Wednesday, 29 August 2012

People make Supply Chains

A slight diversion away from Investment Stream Mapping (ISM)...

Supply Chain Management: a chain of companies, suppliers, firms that provide supplies to you and that requires Management.

Now that term management includes, but doesn’t mean:

  •             The transmission of electronic data on demand, stock and replenishment orders
  •             The despatch, transport and receipt of those of orders
  •             The production of orders, goods receipt notes, invoices and payments
  •             Negotiating and signing supply contracts, quality agreements

What is missing in all of those is the absence of management, which is a people based activity, and is frequently overlooked when we get all hooked up in those transactional statements.

When the Japanese natural disaster hit global supply chains, one of my clients found that the integrity of part of their supply chain was dependent on the strength of the relationship his Purchasing Manager had with a key supplier. In times of short supply, relationships make the difference. Contracts can be interpreted, reasons for non-supply can be created, delays justified. You and your key supplies depend on the people that you are in business with. 

Another client had a multi-million dollar supply contract with just one customer (60%+ of their turnover). They rarely visited that customer at a senior level. The relationship deteriorated, and decisions on future collaborations slipped away. All of those transactional things were happening of course, but the Supply Chain wasn’t being managed.

Don’t fall into the same trap. List out your most important Supply Chains (up and down stream), and ask yourself if you are managing the relationships as well as shipping the paper, emails and goods. Look for the people behind the chain and make sure you are in the game.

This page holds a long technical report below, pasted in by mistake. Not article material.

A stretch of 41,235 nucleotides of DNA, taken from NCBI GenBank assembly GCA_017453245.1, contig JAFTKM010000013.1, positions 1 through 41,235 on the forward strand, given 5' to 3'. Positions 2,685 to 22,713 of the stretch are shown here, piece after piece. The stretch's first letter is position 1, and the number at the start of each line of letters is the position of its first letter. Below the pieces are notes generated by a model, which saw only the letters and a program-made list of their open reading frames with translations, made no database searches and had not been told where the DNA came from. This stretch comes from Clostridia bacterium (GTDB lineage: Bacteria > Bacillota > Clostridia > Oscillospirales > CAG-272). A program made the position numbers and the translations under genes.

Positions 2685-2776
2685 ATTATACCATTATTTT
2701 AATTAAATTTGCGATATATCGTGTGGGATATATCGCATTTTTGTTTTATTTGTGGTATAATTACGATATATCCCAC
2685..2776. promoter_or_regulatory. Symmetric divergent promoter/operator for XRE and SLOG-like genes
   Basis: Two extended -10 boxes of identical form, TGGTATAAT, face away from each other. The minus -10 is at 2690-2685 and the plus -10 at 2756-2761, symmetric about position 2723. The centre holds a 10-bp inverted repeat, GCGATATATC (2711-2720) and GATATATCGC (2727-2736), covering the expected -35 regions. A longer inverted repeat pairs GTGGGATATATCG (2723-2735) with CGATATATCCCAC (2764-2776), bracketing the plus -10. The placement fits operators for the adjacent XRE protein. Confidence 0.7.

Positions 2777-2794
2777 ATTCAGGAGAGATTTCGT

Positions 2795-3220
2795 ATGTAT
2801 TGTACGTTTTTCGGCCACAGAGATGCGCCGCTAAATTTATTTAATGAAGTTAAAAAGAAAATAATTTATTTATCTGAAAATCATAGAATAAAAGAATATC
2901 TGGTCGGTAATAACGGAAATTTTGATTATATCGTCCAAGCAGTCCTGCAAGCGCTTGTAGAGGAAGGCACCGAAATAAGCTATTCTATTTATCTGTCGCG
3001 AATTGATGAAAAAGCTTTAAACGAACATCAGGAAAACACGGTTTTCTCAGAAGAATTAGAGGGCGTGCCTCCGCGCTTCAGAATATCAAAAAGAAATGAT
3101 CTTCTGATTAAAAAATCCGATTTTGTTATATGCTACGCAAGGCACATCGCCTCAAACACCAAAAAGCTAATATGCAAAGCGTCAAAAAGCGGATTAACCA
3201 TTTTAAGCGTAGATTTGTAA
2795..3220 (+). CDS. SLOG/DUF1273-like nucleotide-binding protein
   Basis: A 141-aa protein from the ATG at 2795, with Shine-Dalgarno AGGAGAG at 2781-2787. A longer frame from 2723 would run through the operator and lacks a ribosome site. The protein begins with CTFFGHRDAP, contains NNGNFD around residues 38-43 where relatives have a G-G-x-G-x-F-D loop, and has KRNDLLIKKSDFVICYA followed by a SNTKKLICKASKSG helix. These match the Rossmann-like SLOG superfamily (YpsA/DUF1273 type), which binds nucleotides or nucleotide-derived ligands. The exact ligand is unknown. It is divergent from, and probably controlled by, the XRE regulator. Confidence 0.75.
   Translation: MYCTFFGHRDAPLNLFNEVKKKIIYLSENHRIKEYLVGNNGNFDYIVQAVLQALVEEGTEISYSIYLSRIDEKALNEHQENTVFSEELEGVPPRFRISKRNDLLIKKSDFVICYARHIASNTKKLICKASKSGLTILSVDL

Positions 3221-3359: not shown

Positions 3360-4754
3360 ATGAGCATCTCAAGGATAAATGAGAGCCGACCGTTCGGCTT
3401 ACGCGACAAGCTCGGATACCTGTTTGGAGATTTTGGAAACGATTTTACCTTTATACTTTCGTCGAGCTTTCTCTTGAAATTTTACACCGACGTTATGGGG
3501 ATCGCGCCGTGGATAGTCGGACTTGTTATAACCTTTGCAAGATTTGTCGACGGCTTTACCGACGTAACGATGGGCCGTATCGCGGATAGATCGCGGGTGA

Wednesday, 1 August 2012

Rudyard Kipling and the power of Else

Rudyard Kipling wrote the following advice for researchers:

I keep six honest serving-men
(They taught me all I knew);
Their names are What and Why and When
And How and Where and Who.

Their relevance to mapping our Investment Streams is to make sure that we ask enough questions about all of our customers, what they expect from us and invest in our efforts. Some examples for the car sector:

What do my customers buy? (a car, a lifestyle, travel independence)
Why do they buy? (best credit deal, free servicing, low running costs)
When do they buy? (new registration time, start of a career, for the summer)
How do they buy? (internet searching, Magazine led, Dealer trawling)
Where do they buy? (main dealer, import agency, ex-company cars)
Who buys? (young, old, family builders, boy racers)

And now the power of Else.

Open your mind to all of the possibilities by now going back and asking:

What else?
Why else?
When else? Etc

Use your imagination, look at your competitors, look outside of your industry for Investment needs and streams that offer you a competitive edge.

What else? (service free travelling?)
Why else? (wheel chair storage?)
When? (when a pensioner can access their lump sum?)

Find and deliver a stream that others haven’t thought of to revolutionise your business!